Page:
A few months ago I stumbled upon an excellent write-up explaining the details of NETNTLM (NTLMv1 Challenge Response) authentication. It's an interesting design, and two things jumped out at me right away: the use of a symmetric cipher (DES) rather than only hashing functions, and the odd way the hash is split into three, uneven, portions. This inspired me to work on increased attack speeds against NETNTLM. In the end, I created a small Python tool called Challenger that significantly accelerates dictionary-based attacks on NETNTLM challenge-response hashes.
If you're just looking to download the Challenger tool click here.
Note: I know I'm beating a dead horse, attacking NETNTLM challenge-response hashes. Yes, I know the protocol is ancient and not recommended, but it was fun to analyze something, make a tool and, besides, NETNTLM hashes are still found on networks today.
I think that this page does a great job of explaining NETNTLM, and it's worth a quick read in case you're not familiar with how it works. It should be noted that this is the same process used for authenticating via MSCHAP for PPTP and WPA2 Enterprise, and is just as applicable there as it is in SMB or HTTP authentication scenarios - this works wherever you find NETNTLM.
My first idea was to accelerate brute force attacks by avoiding unnecssary operations during an attack on the hash. Since each third of the NETNTLM hash is independent, we can reduce the iniital computational requirements significantly by only working a single third of the hash. That is, for any given password to be tested, rather than conducting the full NETNTLM challenge-response function each time, hash the password into raw NTLM, and then conduct the expensive DES operation on only the first block (e.g. the first 8 bytes of the raw NTLM) and test the output against the first 8 bytes of the target NETNTLM hash. This avoids two expensive additional DES key expansions and encryption rounds that are unnecessary.
While this is a fun idea, I didn't feel like making yet another cracking tool. I'm sure I'm not the first to think of this and that others have already been implementing this acceleration for years in password cracking tools.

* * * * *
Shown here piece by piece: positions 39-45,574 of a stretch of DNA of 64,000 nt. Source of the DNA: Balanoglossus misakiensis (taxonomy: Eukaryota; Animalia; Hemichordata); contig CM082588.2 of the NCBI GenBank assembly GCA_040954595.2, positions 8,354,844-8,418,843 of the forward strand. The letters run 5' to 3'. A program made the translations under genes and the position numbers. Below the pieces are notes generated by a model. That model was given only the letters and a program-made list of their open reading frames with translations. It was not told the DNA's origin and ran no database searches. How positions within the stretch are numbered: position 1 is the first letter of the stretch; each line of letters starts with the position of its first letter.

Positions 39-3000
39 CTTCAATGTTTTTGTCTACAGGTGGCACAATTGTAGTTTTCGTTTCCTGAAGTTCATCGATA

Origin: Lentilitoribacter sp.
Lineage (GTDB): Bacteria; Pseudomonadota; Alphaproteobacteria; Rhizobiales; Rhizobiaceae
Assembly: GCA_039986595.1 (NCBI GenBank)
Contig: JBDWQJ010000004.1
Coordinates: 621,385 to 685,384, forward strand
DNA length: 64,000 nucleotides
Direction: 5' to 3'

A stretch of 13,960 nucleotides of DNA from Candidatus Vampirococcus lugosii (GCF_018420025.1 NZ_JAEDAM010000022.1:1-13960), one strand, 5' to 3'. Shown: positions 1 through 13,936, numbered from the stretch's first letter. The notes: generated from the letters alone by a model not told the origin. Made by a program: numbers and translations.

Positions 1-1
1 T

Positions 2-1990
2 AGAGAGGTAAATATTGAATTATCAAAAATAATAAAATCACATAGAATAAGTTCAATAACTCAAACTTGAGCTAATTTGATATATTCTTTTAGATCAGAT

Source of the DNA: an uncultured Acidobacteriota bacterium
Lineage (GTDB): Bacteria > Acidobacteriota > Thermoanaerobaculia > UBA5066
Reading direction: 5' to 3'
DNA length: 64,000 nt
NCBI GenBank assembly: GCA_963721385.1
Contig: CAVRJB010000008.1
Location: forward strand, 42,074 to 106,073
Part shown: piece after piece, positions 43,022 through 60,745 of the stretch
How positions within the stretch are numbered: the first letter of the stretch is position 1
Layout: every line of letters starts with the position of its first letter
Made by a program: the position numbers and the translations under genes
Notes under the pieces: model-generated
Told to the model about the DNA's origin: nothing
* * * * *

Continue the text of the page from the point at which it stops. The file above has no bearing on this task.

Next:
Next, I considered what I could do with the last third of the hash. While the use of a symmetric cipher isn't obviously harmful at first, the fact that final third section of the hash has only two bytes of entropy in the key makes the use of a reversible algorithm much more interesting - especially since the two bytes making up the entropy are the last two bytes of raw NTLM hash of the user's password.
Since the last third of the NETNTLM hash is just the encryption of the challenge with last two bytes of the raw NTLM hash, and we know the challenge, we can trivially brute force the key and recover these raw NTLM hash bytes.
I set off to write a small Python script to do just this. In the process of researching different python DES and NTLM libraries, I stumbled upon this article (REF). Apparently Moxie Marlinspike had not only published work on this already, he has tool for doing it. Moxie's chapcrack not only will find those last two bytes, but will let you take the output of the tool and, for a fee, submit it to an online system that will brute force the rest of the hash with purpose-built hardware!
This is great, but what about doing it for free or offline?
Not to be left completely empty handed, I wrote a small tool called Challenger. Challenger will take a given NETNTLM challenge-response and brute force the last two bytes of the underlying raw NTLM hash. On a modern computer this takes less than one second. From those last two bytes, Challenger will first use a preprocessed dictionary that is sorted by the last two bytes of the hash of each word. So, for example, if the last two bytes of the raw NTLM recovered '1e2b', then Challenger will look for a file called ./rainbowtable/1e/2b, which has all words from a dictionary that have an NTLM hash ending in '1e2b'.
While recovering 16-bits of the hash might not seem like a lot, using it to accelerate a dictionary attack works extremely well. As an example, using the 14 million words in the popular RockYou word list it would take a many minutes on a modern computer to test all of the words in the list against a given NETNTLM hash. Since each NETNTLM hash contains a unique challenge, traditional rainbow tables have been impractical against the NETNTLM algorithm. However, once we brute force the last 16-bits of the raw hash, and use that as a reference to a smaller subset of passwords to be tested, we accelerate the test by approximately 65,000 times, making a search of the proper subset of the 14 million word wordlist take less than one second. We've basically got a rainbowtable-like acceleration, using part of the hash rather than the whole.
Finally, if Challenger does not recover the password via dictionary and precomputed table attacks, it will output a chapcrack-compatible hash that you can upload to CloudCracker.com, Moxie's online cracking service, where it can be used to recover the entire raw NTLM hash - guaranteed. It's not the plaintext password but, in the Windows world, it's close enough. The raw NTLM hash can be used with various tools to authenticate with the associated account (e.g. MSF, WCE, Pass-the-Hash toolkit), and it can be used with chapcrack's decrypt option for decrypting PPTP tunnels.
Download the Challenger tool here.
2014-08-04: Updated URLs for download.